Changes in education
Probably the biggest change of the last 20 years is in education. Both at GCSE and ‘A’ level, girls now perform better – 25 per cent of girls get two or more A levels compared to 20 per cent of boys, and not just in traditional ‘girls’ subjects’ like English, history and languages, but also mathematics and science.
This has had a major effect on numbers going to university. Nearly five times as many women entered higher education courses in 1999 (599,000) as in the early 1970s, whereas figures for men have only doubled (528,000 compared to 241,000 in 1971). Angie was the very first member of her family – male or female – to go to university. And the first one to borrow her mum’s clothes!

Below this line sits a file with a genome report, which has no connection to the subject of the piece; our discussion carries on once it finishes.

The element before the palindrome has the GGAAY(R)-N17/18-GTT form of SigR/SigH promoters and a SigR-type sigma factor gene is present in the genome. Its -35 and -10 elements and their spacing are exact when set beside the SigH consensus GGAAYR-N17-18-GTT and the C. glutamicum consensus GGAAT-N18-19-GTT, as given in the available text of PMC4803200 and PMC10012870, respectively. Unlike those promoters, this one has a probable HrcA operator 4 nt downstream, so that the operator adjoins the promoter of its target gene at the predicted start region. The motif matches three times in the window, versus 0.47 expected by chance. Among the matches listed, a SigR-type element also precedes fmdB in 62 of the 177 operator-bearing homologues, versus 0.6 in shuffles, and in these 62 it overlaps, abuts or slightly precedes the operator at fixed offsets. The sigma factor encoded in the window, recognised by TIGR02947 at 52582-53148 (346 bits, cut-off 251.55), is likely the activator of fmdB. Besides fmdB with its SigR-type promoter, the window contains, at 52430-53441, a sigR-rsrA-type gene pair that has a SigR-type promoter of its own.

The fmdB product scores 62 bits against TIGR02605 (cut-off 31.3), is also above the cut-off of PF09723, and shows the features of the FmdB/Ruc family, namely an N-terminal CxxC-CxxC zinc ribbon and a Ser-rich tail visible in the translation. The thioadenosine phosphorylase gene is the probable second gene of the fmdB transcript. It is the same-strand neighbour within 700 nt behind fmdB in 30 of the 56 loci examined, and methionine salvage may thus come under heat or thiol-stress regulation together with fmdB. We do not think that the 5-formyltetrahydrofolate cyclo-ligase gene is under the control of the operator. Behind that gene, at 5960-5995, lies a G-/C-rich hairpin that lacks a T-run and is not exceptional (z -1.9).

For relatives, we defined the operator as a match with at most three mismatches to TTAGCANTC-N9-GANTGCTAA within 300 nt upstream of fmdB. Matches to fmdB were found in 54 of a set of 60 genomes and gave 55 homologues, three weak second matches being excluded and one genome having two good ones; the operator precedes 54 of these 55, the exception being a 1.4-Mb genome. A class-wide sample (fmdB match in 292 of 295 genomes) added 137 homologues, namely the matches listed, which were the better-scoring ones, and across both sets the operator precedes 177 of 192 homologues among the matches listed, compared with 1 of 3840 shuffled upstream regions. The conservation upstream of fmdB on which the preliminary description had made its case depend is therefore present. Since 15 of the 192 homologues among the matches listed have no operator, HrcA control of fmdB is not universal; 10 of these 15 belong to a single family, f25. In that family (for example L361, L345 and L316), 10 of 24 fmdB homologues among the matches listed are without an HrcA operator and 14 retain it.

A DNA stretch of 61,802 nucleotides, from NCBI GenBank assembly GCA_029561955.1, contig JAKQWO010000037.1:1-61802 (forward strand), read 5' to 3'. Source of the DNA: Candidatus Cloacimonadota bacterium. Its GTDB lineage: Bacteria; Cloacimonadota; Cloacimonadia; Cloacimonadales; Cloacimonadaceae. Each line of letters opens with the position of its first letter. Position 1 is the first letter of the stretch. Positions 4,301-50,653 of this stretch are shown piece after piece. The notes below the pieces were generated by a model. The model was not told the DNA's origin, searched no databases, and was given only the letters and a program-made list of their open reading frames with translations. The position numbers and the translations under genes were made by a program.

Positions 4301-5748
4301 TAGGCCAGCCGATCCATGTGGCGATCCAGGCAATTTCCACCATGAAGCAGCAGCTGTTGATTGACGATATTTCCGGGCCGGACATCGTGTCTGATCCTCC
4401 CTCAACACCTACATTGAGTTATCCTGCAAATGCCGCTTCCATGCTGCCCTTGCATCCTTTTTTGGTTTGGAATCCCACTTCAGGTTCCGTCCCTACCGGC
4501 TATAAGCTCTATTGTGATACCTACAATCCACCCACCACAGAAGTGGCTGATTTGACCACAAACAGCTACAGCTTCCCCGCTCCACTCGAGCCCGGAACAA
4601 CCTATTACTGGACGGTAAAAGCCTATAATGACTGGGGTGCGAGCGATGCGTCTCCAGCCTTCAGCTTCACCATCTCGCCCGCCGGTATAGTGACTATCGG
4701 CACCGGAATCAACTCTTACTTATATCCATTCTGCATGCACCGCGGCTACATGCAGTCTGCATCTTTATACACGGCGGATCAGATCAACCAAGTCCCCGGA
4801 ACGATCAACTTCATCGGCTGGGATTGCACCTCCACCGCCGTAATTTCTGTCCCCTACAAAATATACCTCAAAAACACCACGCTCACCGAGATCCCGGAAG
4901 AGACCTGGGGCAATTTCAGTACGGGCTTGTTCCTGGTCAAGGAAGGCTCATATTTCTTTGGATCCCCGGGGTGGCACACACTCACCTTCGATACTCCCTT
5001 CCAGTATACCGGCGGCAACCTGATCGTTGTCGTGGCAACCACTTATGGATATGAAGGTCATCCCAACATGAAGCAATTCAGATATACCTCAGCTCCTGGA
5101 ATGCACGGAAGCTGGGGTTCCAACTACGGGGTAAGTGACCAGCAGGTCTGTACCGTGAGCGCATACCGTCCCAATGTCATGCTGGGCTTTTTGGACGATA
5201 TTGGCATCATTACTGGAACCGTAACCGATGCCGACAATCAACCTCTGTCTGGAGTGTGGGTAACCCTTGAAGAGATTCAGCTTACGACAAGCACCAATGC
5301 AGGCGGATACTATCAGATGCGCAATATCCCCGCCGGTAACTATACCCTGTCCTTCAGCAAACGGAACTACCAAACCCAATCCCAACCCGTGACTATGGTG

It would have been unthinkable for Shelley to wear the same clothes as her mum Maria, but now she thinks nothing of borrowing clothes from Angie, and vice versa. If there’s one other thing that makes modern fashion different from the past, it’s the amazing range of choice. When Angie’s granny started work at John Lewis, the clothes sold all followed certain rules – now fashion means very different things to different people.